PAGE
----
The Contested Empowerment of Kenya’s Judiciary 2010 -2015
Authored by Prof. James T. Gathii
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This book assesses the empowerment of the Kenyan Judiciary and the backlash from Parliament and the Executive that followed. Why did Kenyans and the politicians who acquiesced to the 2010 Constitution, want constitutional constraint by courts? Did politicians regard a strong judiciary as an ally or as a future constraint on their freedom of action? In the past, politicians routinely subordinated the judiciary to their whims. Did they not anticipate that an empowered judiciary would assert its authority in politically salient cases? Scholars use three theoretical frameworks to account for the rise of judicial empowerment: Rational strategic, attitudinalist and historical institutionalist accounts.
This book argues that historical institutionalism offers the best explanation. Although judicial transformation was always a central agenda in the twenty years of start-stop constitution making prior to 2010, it was held in abeyance until the political order that had previously controlled the constitution making process was disrupted by post election violence in 2008. That violence provided a historical turning point that catalyzed the 2010 Constitution.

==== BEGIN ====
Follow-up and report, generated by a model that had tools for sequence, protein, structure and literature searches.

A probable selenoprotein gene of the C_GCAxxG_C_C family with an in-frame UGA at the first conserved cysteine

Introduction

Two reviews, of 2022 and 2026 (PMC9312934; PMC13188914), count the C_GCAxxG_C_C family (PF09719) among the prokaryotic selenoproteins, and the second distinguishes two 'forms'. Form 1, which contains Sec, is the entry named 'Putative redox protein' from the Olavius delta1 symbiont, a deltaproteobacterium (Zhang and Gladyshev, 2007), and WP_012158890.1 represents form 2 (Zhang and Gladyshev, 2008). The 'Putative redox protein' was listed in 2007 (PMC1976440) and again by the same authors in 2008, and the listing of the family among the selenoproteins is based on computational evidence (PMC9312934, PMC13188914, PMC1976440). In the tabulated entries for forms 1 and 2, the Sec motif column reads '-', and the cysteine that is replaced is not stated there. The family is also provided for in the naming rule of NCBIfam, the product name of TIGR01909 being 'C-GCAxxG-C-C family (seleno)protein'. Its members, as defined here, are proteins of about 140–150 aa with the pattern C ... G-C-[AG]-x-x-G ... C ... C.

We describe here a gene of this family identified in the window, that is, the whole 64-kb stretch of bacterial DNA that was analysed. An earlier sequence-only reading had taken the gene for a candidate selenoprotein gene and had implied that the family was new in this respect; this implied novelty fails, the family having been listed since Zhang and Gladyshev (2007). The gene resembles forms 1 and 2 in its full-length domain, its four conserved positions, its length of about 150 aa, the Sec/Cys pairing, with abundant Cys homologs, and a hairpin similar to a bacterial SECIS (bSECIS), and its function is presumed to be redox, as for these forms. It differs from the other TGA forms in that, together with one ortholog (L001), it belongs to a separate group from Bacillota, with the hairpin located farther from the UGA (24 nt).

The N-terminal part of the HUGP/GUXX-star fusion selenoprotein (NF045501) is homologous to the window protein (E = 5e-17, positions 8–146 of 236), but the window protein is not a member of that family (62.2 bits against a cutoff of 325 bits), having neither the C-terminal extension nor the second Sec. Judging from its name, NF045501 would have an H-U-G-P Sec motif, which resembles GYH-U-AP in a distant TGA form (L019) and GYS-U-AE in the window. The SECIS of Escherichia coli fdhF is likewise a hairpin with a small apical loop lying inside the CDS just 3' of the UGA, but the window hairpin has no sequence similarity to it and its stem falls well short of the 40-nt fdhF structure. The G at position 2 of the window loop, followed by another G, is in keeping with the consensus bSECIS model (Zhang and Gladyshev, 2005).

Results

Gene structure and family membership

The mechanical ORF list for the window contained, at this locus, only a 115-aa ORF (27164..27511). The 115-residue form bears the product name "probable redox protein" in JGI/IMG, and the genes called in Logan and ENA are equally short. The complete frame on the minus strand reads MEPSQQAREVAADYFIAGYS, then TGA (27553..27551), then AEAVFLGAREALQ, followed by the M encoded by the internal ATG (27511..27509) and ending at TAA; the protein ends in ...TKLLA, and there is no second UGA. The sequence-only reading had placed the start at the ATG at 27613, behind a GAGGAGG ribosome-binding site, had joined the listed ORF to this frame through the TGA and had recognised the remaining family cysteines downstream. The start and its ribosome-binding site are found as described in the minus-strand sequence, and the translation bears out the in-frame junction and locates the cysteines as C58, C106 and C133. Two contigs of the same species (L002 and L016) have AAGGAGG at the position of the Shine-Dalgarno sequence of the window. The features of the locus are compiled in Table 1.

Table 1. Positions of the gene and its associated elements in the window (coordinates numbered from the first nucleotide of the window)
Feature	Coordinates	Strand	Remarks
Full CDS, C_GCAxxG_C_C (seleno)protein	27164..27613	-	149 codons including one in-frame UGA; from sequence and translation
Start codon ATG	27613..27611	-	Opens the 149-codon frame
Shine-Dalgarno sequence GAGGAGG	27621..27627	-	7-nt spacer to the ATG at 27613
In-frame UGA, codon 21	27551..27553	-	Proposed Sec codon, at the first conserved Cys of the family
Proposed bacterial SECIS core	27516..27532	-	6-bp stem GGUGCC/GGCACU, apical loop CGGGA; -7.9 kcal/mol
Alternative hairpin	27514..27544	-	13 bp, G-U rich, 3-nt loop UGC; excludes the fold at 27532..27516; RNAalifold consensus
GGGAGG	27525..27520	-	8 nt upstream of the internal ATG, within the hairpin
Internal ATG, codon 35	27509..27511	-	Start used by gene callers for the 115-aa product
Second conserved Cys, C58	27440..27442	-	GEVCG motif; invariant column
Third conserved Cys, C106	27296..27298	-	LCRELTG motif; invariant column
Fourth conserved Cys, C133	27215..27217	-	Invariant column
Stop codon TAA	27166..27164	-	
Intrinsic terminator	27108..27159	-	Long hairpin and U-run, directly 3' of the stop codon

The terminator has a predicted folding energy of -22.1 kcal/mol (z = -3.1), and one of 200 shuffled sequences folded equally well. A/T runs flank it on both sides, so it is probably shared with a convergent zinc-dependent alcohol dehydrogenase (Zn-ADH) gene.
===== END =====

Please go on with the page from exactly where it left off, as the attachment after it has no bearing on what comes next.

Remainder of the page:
The appointment of a Chief Justice and a new cohort of highly qualified judges, changes in the recruitment, discipline and removal of judges, increased budgetary allocations to the judiciary and an active civil society movement helped to build an empowered judiciary – a judiciary that declared the supremacy of the Constitution over all organs of government including the Executive and Parliament. Politicians have not easily acquiesced to or welcomed this new judicial review of their conduct.
In the final analysis, this book finds that although the newly empowered judiciary has significantly reshaped constitutional and legal doctrine in a number of areas and become an independent arm of the government, transforming it has involved many complex challenges and risks that require firm resolve, leadership and committed constituencies as well as resources. Judicial reform is after all, a legal as well as a political process that faces opportunities challenges and even possible reversal.